Westercon 64 Business Meeting
July 4, 2011

Call to Order

The meeting of the 64th Westercon was called to order at 11:38 a.m. on July 4, 2011. Kevin Standlee, chairman, presiding, and Linda Deneroff, secretary, recording. Eric Larson and LaMont Jones were Sergeants-at-Arms. Lisa Hayes was the official videographer of the meeting, and Sharon Sbarsky was the site selection administrator. Knowing that this would be a contentious meeting the Chairman began by asking that members restrain themselves from showing how clever and witty they could be and to show respect for their fellow members. The complete text of the Chairman’s statement is included as an appendix to these minutes.

Committee Reports

There were no committee reports submitted to the Business Meeting.

Bylaw Amendments and New Business

There were no amendments passed on by the Westercon 63 Business Meeting and no new business submitted to the Business meeting.

Site Selection

The site selection of the 66th Westercon fell to the business meeting as a result of an ineligible bid receiving the most votes. Preliminary to this discussion, it was determined that the discussion was to operate under the default debate time limits in Robert’s Rules since the Westercon Bylaws do not address the issue. With that resolved, Site Selection Administrator Sharon Sbarsky reported the results and thanked her election staff. A total of 92 ballots were paid for (83 cast with preferences), and the results are tabulated below. (Although 92 ballots were paid for, only 91 were actually cast; the one uncast ballot was effectively an additional No Preference vote but does not appear in the totals below.)

First Ballot






Mail In



















Unolakleet, AK





None of the above





Total with preference





Needed to elect (majority of ballots with preference)


No preference





Total ballots





No bid having received a majority, the ballots for None of the above and minor candidates were redistributed according to their second preferences.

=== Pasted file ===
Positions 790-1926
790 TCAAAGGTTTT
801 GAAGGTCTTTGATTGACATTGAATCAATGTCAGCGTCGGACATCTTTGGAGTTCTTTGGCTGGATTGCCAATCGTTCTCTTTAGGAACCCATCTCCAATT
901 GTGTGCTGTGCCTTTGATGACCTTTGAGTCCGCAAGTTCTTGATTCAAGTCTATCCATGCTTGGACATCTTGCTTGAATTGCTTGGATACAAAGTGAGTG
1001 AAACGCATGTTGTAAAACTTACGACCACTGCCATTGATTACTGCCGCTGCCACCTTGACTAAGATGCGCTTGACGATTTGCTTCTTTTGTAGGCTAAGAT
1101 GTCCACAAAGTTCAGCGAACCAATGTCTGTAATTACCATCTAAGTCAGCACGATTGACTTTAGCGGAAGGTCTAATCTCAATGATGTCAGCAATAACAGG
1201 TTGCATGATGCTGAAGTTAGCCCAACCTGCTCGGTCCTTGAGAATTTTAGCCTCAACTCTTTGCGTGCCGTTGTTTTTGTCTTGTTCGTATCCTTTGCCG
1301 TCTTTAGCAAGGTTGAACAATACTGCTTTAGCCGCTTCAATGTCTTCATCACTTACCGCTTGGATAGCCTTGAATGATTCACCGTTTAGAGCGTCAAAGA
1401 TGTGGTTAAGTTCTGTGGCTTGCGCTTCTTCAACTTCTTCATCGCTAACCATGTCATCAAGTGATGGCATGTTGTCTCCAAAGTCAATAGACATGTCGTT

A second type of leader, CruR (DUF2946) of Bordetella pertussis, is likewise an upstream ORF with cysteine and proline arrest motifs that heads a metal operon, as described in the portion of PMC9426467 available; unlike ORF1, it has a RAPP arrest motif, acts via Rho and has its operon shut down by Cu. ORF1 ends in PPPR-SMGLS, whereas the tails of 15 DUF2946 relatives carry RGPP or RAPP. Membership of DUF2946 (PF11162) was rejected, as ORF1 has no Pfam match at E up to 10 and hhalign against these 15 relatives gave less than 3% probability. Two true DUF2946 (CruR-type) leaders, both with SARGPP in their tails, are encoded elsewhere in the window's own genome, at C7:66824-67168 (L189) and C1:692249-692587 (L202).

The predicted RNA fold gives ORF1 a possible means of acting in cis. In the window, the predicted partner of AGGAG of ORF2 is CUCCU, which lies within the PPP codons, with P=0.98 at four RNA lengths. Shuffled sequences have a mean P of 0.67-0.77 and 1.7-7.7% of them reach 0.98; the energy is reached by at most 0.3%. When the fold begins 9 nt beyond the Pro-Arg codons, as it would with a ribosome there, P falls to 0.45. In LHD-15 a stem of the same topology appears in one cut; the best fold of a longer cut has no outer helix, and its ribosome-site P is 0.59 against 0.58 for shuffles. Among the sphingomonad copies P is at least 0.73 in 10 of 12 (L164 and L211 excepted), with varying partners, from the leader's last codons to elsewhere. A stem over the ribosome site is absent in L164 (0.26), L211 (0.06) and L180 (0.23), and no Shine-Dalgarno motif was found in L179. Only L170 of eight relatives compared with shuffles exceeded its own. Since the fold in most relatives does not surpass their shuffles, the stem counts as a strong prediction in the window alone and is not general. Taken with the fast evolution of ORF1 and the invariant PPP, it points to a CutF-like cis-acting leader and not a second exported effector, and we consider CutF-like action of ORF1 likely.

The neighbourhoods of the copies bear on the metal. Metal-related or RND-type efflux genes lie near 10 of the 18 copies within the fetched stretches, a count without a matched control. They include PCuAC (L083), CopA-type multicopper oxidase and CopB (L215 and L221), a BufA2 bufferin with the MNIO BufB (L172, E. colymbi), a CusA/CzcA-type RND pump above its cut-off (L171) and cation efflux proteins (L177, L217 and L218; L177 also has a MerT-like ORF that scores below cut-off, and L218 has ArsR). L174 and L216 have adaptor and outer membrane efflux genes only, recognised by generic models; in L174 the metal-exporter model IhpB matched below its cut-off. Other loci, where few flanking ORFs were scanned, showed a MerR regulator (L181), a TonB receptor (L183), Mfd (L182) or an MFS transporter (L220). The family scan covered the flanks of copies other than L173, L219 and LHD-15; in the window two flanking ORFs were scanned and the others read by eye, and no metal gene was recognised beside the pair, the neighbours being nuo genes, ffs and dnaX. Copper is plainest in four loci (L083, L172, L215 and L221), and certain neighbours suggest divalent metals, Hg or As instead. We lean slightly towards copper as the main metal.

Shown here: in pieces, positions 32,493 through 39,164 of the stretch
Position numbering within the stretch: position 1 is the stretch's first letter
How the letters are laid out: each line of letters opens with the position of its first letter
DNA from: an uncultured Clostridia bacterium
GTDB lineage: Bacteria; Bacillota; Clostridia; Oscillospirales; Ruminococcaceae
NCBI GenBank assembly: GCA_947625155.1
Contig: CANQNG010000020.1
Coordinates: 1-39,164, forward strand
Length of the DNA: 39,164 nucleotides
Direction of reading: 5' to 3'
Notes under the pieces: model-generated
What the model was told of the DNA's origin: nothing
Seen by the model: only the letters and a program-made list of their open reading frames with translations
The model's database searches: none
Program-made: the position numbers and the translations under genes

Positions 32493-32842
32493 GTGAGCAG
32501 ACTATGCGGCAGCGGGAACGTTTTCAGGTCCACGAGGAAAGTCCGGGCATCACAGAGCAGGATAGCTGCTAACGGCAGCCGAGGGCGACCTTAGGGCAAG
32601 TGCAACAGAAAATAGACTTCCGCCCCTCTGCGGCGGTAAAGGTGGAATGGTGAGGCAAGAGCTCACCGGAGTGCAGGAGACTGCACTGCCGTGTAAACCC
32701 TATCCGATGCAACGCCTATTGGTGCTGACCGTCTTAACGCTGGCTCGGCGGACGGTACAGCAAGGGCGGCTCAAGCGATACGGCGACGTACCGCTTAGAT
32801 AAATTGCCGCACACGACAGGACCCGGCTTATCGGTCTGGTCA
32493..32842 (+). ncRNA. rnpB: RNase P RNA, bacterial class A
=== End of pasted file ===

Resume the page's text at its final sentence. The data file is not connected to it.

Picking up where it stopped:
Second Ballot


Redistributed Ballots








Total with preference



Needed to elect (majority of ballots with preference)


When results were certified, the Chairman congratulated Ms. Sbarsky for her efforts but asked her not to destroy the ballots until so instructed. He then read Sections 3.16 and 3.1 of the Westercon Constitution, which are hereby incorporated into these minutes by reference, as a jumping off point for the ensuing discussion.

Rick Kovalcik then made a motion to hear from all those desirous of making a presentation before any vote were taken. It was seconded and passed by two-thirds vote.

Procedural material concluded, the Chair recognized Gene Armstrong from the Portland in 2013 bid. Mr. Armstrong reported that the bidders: want to run a convention and have the facilities to do so. He has a staff willing and able to run a convention—the people who work hardest at Orycon. “We came down here to bid a Westercon; we are passionate about this and want to run a Westercon. Give us a shot. We’re ready to go. Yes, we made mistakes; has no one not made mistakes? We will fix the mistakes.” Mr. Armstrong also reported that he had a contract with hotel ready to be signed at a moment’s notice and that he had thirty years’ worth of attending conventions. “We know how to run a convention; we know what to do.” His bid has a passion to keep Westercon going. Members of his bid committee ran Orycon and made it solvent. Among other things, Mr. Armstrong co-chaired Orycon 27 and founded a RainFurrest in Seattle, which is the largest furry con in the world. “I don’t do anything small and I don’t let anything slow me down.”